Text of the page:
Hotel Transylvania, the latest animated feature film from Sony Pictures Animation (Cloudy with a Chance of Meatballs, The Smurfs), has received a lukewarm response from critics, but a very enthusiastic one from fans; so I walked into the cinema on Wednesday not quite knowing what to expect. I walked out none the wiser: simultaneously, impressed and underwhelmed. But the main vibe I got from Hotel Transylvania was fun, and it's a film that's not ashamed to wear its relative one-dimensionality on its vampiric sleeve.
When I say one-dimensionality, I don't mean to deride the film or undermine its emotional core, it's just: this film is very fun, its story isn't fantastic, nor, mainly, are its characters, but it's funny and it's entertaining, and it happily embraces that. In contrast to The Lorax, it doesn't try to be more than it is and push moral messages in your face. And for that it should be commended.
Because that is undoubtedly this film's best point: its animation. The term animation is often used homogeneously for graphics, when talking about CG, but in this case I mean animation in its purest sense. Because Hotel Transylvania is the closest thing I've seen to a computer animated cartoon. The CG boom at the tail-end of the last millennium changed animation forever, and, for fear of getting left behind, everyone jumped on the Pixar bandwagon. It's only been very recently that studios have had the confidence to return to traditional animation, to experiment with hybrids, and to explore what's really possible with computer animation. Hotel T falls firmly into the latter category.
Worlds away from the stylised-realism of a Pixar or DreamWorks film, Hotel Transylvania's animation is more resemblant of a Looney Tunes short - more so even than the style in last year's I Tawt I Taw a Puddy Tat was. The way Dracula in particular moves: it's so fluid, so exaggerated, so comical; it's brilliant!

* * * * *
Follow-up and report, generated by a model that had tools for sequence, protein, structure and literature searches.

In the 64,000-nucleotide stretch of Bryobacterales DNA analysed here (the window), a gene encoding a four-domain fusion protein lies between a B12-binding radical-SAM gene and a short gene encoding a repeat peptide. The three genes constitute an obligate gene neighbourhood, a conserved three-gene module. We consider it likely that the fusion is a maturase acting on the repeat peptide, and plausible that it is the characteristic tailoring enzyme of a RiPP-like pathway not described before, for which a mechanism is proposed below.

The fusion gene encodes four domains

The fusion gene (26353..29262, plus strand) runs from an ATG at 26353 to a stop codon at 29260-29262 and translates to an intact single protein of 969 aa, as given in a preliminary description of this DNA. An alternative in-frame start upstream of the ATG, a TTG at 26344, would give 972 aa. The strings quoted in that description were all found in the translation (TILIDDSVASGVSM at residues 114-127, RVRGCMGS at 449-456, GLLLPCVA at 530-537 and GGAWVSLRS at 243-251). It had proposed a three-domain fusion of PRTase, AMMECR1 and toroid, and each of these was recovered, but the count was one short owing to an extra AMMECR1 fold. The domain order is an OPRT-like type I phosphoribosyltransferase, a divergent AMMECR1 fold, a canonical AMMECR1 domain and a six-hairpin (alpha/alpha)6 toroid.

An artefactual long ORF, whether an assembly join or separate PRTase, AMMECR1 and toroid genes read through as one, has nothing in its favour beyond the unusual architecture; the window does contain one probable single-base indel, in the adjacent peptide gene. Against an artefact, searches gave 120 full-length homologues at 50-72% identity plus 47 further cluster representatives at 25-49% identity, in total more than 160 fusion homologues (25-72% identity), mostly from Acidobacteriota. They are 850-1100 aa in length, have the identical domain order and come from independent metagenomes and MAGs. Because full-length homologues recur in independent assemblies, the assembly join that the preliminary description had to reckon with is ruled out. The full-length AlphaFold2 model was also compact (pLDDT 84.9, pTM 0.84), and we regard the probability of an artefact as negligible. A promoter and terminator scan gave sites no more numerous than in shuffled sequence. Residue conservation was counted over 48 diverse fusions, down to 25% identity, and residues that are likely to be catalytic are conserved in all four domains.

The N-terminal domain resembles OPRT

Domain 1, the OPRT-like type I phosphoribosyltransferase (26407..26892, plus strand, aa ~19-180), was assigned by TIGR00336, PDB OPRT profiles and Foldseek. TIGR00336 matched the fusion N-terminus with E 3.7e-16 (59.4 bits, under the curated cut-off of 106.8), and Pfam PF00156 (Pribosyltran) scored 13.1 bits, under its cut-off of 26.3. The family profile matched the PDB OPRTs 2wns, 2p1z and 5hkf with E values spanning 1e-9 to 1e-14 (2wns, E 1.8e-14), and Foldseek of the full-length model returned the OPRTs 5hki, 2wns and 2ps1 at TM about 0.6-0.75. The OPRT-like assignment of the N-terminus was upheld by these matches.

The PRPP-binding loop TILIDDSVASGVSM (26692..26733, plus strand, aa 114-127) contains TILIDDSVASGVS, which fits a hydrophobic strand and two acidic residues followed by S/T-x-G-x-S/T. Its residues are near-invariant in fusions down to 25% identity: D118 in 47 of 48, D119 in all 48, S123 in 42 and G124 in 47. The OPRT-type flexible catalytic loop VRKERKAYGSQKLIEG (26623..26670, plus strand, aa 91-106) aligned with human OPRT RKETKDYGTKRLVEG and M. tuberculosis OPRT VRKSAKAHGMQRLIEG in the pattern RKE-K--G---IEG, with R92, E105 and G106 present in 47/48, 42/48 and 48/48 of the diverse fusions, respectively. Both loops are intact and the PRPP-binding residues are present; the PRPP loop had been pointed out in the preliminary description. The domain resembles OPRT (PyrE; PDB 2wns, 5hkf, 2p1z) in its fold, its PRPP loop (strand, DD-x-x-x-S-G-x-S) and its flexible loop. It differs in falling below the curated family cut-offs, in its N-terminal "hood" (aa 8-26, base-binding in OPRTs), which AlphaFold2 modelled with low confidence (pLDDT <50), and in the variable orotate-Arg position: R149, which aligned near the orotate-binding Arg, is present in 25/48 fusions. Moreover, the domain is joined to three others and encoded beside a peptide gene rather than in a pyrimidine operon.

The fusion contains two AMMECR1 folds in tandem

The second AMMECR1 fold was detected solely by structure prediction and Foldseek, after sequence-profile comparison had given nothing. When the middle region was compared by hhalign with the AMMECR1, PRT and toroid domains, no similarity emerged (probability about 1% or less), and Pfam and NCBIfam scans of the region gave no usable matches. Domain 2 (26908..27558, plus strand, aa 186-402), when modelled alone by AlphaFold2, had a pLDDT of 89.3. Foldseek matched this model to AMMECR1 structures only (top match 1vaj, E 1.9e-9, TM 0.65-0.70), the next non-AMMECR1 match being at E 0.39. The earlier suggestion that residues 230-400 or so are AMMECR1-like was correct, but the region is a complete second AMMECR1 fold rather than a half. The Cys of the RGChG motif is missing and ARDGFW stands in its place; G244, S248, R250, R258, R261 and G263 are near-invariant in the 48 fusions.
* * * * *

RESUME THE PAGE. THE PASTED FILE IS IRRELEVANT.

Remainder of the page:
The mastermind of this creatively excellent visual style is the film's director, TV animation veteran, Genndy Tartakovsky (Dexter's Lab, Samurai Jack). Tartakovsky's hitherto animation experience has been with traditional-animation, so it makes perfect sense that he would want to bring his distinctive visual style to the film's computer animation. I suspect that Tartakovsky would have much rather made the film as hand-drawn, but, in a way, this is even better. Because this is a groundbreaking films in many ways, in that it shows people what you can do with computer animation, outside of racing for realism; I hope Tartakovsky's next film for Sony, the CG Popeye feature, takes this style and runs with it.
On this topic, everything with Dracula in was an absolute delight! He's just such an endearing and hilarious character. His movements are so fluid, and the way he contorts and pantomimes himself throughout the film is fantastic. He goes from ramrod straight, to bent double, to soaring across the room, at a rapidly hilarious speed; I also greatly enjoyed the way his cape was almost an extension of himself. The film definitely had some not so great moments (more to come), but every time Dracula came on screen, I found myself smiling.
Now the not so great: the story wasn't brilliant. I said above that this film isn't a Monsters, Inc. rip-off, but it's not all that original either. The overprotective dad storyline has been played out to death, and while Hotel T offers a few twists on that dynamic, it's still a little derivative in places. That said, the film was very, very fun throughout. As previously said, it's not pretentious, it knows what it is, and is happy with, and makes the most of, that - which does work somewhat in its favour.